Spatial and temporal distribution of foot-and-mouth disease virus in the eastern zone of Tanzania

Contributor(s): Julius Joseph, Christopher J. Kasanga, Yongolo Mmeta, Chanasa Mpelumbe-Ngeleja, Sallu Raphael, Mathias Mkama, Joseph Masambu
Vol 81, No 2 (2014), 1 page
This study was conducted to establish the spatial and temporal distribution of foot- and-mouth disease (FMD) virus (FMDV) serotypes in the ea stern zone of Tanzania. Observational prospective studies involvi ng serological analysis, and FMDV antigen detection, and retrospective study on FMDV antigen detection were used in this research. Seroprevalence of antibodies to the nonstruc tural protein 3ABC of FMDV and serotype-specific antigen detection were investigated by using SVANOVIR® FMDV 3ABC-Ab ELISA and indirect-sandwich ELISA (sELISA), respectively. Serum and tissue samples were collected from cattle suspected of FMD in six districts of two regions in the eastern zone of Tanzania during the period of 2010 to 2011. A total of 41 (43.6%) out of 94 tested sera in six district were seropositive to non-structural 3ABC protein, with the highest seroprevalence of 81.0% in Bagamoyo district, followed by Kibaha (56.2%), Kinondoni (41.7%), Ilala (34.8%), Kisarawe (16.7%) and Temeke (15.4%) districts. Three FMDV serotypes, namely O, A and SAT 2, were detected in the eastern zone between 2001 and 2011, with type O being the most frequently detected serotype (n = 9; 60.0%) followed by type SAT 2 (n = 5; 33.3%) and type A n = 1; 6.7%). These findings indicate that the eastern zone of Tanzania is predominantly infected with FMDV serotypes O, A, and SAT 2 with different spatial and temporal distribution, and that FMD outbreaks in the zone could be incriminated to at least these three serotypes. These observations imply that a rational control of FMD by vaccination in the eastern zone of Tanzania should consider incorporation of serotypes O, A and SAT 2 serotypes in the relevant vaccine(s). Further studies are required to elucidate the genetic and antigenic characteristics of circulating FMDV strains in the eastern zone of Tanzania so that an appropriate FMD control strategy can be recommended in this region.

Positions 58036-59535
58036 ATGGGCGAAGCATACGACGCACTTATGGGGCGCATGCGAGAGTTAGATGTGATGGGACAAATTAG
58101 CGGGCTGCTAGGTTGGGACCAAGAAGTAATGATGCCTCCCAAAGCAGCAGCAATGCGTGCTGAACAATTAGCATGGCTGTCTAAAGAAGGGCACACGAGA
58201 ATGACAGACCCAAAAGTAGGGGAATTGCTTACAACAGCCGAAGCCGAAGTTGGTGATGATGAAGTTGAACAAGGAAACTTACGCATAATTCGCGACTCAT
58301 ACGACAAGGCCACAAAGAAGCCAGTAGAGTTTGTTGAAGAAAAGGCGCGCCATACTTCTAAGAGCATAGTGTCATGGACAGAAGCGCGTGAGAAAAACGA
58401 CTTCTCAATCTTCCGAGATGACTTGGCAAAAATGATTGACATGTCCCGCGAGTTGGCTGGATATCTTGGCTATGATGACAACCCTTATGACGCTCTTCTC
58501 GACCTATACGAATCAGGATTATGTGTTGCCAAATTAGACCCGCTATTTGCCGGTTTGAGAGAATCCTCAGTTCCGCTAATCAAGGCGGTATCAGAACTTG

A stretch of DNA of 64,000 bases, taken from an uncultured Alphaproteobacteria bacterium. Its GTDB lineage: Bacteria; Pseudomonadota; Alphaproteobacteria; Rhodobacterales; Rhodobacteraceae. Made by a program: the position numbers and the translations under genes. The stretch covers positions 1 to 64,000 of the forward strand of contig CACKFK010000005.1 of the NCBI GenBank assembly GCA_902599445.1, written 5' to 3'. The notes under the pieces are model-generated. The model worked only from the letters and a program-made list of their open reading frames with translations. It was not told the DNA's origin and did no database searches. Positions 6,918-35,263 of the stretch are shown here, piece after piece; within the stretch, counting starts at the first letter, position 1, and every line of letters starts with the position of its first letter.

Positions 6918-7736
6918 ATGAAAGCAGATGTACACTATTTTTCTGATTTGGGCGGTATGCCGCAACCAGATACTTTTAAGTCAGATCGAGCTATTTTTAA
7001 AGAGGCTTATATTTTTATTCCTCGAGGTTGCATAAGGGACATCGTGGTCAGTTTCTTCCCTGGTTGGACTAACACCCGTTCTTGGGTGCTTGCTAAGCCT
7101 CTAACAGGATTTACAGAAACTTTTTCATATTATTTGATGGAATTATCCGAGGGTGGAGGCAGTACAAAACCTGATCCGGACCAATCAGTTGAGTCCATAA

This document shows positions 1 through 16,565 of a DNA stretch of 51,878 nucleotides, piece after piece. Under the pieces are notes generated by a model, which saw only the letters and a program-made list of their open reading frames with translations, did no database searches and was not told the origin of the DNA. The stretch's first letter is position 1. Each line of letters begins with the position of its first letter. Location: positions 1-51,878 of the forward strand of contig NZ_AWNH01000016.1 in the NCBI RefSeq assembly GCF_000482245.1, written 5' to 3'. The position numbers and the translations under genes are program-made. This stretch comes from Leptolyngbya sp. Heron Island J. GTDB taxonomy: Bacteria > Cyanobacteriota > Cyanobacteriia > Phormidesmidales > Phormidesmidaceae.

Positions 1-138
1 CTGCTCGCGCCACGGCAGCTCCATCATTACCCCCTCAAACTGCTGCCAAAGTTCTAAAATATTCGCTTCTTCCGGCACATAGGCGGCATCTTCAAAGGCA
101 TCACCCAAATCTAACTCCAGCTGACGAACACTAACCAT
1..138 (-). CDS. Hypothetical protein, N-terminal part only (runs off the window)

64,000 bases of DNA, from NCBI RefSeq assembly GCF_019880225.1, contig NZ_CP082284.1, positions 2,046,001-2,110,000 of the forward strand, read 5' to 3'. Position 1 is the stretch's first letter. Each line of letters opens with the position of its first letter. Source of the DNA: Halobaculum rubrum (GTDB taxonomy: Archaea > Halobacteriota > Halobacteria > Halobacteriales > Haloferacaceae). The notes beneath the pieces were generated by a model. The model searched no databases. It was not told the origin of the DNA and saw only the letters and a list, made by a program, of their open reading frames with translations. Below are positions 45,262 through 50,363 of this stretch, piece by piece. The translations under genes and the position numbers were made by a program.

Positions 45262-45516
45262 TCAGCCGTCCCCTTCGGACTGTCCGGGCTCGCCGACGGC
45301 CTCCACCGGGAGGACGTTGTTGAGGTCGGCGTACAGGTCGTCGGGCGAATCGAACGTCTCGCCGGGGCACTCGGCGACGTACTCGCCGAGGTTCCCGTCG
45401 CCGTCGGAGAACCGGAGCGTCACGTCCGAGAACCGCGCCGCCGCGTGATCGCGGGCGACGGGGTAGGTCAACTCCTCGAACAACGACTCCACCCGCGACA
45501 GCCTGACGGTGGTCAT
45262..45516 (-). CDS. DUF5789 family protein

This work was supported by the Wellcome Trust Grant WT087546MA to the Southern African Centre for Infectious Diseases & Surveillance (SACIDS).
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